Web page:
Arabic numerals should be used.
Seasons should be in lowercase (unless following a period).
If a location will be used, end this element with a comma. If a location will not be used, end this element with a period.
Paginated sources that are contained within another work should list page numbers or a page range of the work—not just the page numbers of the pages referenced. For example, cite the pages for the entire journal article, not just the pages within the article referenced.
For a live performance, the location is where the performance took place.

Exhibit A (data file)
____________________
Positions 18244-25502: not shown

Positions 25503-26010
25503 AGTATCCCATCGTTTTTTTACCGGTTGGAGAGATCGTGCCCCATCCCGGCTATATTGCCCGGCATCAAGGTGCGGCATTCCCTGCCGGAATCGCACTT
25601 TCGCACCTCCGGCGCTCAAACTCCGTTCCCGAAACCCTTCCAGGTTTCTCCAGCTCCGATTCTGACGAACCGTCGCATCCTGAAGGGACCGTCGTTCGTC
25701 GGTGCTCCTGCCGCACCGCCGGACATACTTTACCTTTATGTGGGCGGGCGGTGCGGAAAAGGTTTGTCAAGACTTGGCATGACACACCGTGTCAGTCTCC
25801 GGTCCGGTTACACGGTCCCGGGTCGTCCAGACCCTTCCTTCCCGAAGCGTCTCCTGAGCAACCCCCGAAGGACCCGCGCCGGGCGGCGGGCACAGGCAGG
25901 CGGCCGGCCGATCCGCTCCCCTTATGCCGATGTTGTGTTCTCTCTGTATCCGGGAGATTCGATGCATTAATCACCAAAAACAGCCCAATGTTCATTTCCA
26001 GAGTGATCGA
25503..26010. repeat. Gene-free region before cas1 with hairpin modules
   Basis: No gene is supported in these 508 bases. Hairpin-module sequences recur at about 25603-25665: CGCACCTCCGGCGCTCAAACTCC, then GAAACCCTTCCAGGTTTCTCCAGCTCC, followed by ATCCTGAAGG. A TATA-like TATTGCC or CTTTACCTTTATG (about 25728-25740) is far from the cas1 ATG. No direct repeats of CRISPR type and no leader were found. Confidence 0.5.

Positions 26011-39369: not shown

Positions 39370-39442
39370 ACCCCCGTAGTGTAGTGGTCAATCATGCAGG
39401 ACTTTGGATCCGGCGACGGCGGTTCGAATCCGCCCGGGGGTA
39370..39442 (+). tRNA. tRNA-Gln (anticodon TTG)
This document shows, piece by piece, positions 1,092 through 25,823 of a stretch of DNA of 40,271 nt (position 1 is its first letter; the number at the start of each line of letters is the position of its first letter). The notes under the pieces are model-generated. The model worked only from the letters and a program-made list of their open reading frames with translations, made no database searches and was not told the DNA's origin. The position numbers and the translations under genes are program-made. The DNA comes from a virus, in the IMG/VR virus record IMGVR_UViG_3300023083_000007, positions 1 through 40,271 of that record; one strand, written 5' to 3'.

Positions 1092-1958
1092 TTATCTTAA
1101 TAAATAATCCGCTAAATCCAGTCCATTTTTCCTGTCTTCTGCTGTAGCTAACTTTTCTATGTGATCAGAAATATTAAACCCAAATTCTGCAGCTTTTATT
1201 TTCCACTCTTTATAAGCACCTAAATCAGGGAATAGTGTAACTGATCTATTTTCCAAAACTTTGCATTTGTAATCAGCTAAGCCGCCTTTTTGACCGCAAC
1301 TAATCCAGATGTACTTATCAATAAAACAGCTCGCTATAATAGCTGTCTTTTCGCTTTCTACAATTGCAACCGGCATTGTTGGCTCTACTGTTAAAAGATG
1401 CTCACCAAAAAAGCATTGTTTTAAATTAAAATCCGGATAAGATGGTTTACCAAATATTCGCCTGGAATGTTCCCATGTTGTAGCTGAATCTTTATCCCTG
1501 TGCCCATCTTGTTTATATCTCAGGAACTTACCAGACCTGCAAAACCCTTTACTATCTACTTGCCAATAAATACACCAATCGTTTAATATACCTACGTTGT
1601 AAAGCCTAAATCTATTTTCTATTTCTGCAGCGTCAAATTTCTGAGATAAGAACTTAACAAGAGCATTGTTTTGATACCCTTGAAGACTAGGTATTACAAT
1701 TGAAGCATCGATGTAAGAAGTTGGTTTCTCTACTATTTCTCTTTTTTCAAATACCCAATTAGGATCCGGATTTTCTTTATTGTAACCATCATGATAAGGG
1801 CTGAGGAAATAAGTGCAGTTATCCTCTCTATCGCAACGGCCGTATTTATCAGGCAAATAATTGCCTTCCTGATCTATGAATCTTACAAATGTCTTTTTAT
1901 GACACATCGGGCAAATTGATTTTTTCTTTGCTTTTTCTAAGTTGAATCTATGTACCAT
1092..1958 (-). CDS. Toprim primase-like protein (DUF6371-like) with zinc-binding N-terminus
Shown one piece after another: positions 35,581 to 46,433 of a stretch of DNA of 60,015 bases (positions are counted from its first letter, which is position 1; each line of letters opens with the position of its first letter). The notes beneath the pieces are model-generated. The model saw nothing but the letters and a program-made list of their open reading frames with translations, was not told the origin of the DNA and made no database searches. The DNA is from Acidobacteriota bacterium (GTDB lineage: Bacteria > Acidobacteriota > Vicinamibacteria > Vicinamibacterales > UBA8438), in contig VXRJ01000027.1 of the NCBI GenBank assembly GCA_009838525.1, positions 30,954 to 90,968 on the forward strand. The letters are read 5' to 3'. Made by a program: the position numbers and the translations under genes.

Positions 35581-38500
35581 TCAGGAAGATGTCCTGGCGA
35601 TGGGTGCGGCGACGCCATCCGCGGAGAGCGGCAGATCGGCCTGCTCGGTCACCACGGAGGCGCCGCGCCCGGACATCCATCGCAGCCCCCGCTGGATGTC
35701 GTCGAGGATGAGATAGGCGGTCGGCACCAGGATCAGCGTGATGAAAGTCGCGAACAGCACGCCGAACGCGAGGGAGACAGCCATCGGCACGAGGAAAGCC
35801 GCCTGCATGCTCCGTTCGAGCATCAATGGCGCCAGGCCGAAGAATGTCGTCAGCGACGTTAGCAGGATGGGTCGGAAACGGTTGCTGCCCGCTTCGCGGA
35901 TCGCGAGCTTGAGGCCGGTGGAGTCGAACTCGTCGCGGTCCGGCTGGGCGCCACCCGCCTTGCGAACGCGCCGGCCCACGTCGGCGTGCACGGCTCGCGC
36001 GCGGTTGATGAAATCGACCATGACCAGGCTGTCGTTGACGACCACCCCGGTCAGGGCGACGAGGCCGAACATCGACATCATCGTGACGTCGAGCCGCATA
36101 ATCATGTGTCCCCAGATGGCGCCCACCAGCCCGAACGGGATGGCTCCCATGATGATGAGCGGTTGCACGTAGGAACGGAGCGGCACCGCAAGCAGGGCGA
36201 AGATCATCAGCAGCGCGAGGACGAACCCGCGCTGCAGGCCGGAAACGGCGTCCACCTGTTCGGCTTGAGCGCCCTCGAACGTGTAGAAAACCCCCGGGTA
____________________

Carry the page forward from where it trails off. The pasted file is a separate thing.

Use p. for page and pp. for pages. Hyphens or en dashes can be used for page ranges, but a choice should be made and consistently applied. Professional publications will use an en dash. For more information about en dashes and how to make them, view the En Dash tab on the Dashes page within the Excelsior OWL.
Use the same numbering style and casing as the source.
If pages are not consecutive in a periodical, use a plus sign directly after the first page number.
End the location element with a period.
For online works, use a DOI if there is one. If not, use a permalink. If neither of those are present, use a URL.
Always use https://doi.org/ before the DOI.
If URLs are used and will be hyperlinked, use the https:// or http:// protocol.
If URLs will not be hyperlinked, the http(s) protocol can be omitted.
If URLs are longer than three lines, they can be shortened to just the host (the main website).